Without Bar Lines

The San Francisco Public Library is a fantastic resource for music, be it scores, texts, or recordings. Yesterday I stopped by to return some scores and pick up some books I had looked for online, picking a number of Lou Harrison CD’s as well as Gustave Frederic Soderlund’s “Direct Approache to Counterpoint in the 16th Century”. Reading the book today, I came across a passage that really struck me: one of the things he discusses doing as part of the recommended exercises is to notate the exercise both with and without barlines. I had looked at early scores before, both with and without barlines, but for some reason when looking at it today that there was something more there when looking at examples shown both with and without barlines. In the music without barlines, the line’s contour and structure seemed so much clearer than that with the barlines. In reading and humming along, I really did feel as if the line was more free, that somehow reading it without the imposition of a larger metrical structure gave the experience of performing it a sense of freedom and cohesion of the line as a whole.

I always did find the issue of notating musical ideas particularly tricky, in how to represent the idea as it is and balancing that with notating the idea in a way that would best make sense to a performer. Back in college, I remember spending quite some time before finally settling on a method of using unmetereed music that contained bars only when necessary for helping synchronize music between performers (largely inspired my Messiaen’s Piano writing). I had found that this made the music the most performable for the ideas, but it was always tedious to notate and I was never satisfied with how foreign the written form was compared to the sonic one. For example, taking a motive that was originally straight eighth notes, then repeating but using two quintuplet quarter-notes for every eight note, so starting on the upbeat would then require notating in quintuplet eight notes to get the idea into something somewhat performable, but how daunting that appeared, when really it was just a motive slightly augmented and translated in time…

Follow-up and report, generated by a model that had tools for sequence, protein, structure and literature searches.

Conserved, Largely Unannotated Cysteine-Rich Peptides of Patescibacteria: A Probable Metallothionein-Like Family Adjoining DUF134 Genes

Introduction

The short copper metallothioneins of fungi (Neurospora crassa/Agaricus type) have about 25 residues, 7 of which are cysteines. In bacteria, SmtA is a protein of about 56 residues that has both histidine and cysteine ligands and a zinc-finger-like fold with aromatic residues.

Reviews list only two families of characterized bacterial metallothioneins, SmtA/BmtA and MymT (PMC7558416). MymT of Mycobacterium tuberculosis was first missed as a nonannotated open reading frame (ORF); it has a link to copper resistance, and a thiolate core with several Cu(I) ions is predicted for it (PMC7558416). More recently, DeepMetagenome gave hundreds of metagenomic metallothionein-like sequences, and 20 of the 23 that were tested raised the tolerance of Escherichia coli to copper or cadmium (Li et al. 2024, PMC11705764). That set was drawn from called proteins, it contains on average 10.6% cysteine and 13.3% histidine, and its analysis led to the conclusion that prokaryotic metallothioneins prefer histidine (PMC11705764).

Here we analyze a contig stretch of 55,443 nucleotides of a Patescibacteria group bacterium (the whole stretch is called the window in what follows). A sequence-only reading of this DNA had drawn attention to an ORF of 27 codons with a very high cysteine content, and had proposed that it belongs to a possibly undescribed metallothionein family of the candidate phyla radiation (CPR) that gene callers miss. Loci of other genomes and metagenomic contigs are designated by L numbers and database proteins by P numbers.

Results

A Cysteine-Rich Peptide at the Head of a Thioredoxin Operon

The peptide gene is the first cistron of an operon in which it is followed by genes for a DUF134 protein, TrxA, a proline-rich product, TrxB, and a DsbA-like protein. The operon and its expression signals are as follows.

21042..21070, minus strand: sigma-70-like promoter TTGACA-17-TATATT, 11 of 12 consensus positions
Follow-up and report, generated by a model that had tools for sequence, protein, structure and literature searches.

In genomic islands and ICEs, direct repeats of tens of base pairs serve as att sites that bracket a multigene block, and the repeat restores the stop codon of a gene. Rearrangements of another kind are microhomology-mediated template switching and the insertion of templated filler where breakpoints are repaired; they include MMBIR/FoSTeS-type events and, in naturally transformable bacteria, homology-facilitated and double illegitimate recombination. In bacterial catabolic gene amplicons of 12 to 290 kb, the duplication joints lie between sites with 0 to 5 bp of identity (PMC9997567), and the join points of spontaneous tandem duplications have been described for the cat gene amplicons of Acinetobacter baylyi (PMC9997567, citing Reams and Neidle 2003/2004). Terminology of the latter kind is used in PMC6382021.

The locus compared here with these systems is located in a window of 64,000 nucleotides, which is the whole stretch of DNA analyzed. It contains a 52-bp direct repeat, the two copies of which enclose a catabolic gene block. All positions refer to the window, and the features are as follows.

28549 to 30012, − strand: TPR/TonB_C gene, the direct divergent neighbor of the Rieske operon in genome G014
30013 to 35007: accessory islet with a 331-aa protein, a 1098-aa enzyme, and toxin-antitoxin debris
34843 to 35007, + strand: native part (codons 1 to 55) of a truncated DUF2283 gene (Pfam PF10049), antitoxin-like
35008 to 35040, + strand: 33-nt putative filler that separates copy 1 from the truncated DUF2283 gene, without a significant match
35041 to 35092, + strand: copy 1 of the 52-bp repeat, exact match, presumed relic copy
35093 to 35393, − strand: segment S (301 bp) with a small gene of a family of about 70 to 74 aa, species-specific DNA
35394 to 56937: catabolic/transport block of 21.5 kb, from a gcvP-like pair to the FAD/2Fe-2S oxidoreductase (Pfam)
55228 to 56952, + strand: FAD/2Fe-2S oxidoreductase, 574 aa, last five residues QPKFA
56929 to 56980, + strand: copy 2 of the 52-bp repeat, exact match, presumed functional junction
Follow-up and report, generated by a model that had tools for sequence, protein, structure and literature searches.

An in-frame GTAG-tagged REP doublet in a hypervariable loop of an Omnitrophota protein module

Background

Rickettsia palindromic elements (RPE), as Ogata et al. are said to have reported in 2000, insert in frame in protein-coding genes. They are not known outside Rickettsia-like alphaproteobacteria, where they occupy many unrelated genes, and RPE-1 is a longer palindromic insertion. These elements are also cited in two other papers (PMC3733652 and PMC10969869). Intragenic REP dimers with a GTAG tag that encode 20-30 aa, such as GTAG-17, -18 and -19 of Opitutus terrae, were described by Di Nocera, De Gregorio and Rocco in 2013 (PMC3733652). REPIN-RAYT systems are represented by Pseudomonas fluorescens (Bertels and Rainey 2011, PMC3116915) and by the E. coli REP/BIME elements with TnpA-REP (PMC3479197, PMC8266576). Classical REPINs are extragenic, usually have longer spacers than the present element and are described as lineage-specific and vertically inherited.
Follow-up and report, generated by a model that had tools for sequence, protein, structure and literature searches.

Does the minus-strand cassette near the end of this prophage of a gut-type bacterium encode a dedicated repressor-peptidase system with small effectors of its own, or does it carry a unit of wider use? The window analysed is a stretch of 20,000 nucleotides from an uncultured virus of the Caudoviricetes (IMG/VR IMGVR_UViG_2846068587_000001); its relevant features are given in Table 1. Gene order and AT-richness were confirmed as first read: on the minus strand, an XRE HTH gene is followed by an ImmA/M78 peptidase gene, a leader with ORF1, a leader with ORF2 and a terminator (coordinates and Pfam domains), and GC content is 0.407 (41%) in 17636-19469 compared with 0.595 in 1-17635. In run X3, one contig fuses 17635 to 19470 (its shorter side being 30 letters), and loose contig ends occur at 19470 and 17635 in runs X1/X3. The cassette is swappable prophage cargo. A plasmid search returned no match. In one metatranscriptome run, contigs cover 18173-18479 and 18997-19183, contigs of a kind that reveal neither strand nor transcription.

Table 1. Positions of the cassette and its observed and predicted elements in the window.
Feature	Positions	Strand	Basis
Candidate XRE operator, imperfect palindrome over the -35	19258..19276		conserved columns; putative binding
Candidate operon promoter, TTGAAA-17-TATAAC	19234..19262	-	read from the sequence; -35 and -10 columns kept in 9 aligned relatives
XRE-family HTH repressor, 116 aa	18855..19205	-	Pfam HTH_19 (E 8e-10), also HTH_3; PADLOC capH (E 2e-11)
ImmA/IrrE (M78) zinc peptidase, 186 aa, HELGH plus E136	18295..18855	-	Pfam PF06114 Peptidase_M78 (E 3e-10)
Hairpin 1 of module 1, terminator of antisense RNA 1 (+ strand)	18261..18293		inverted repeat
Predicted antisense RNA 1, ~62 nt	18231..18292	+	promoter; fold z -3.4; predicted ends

One of the primary reasons I created blue was so that I could do these types of freely breathing transformations of motives and have them so that the visual representation could maintain the essence of the musical structure and display them in a way that would make the form of the music transparent. In some ways, after all this time, certain aspects of blue’s visual feedback still do not do enough, but on the whole, that goal has been achieved. The musical ideas are written as if without bar lines, the sounds freely moving, the idea transparent, all together in the same space, breathing in time…

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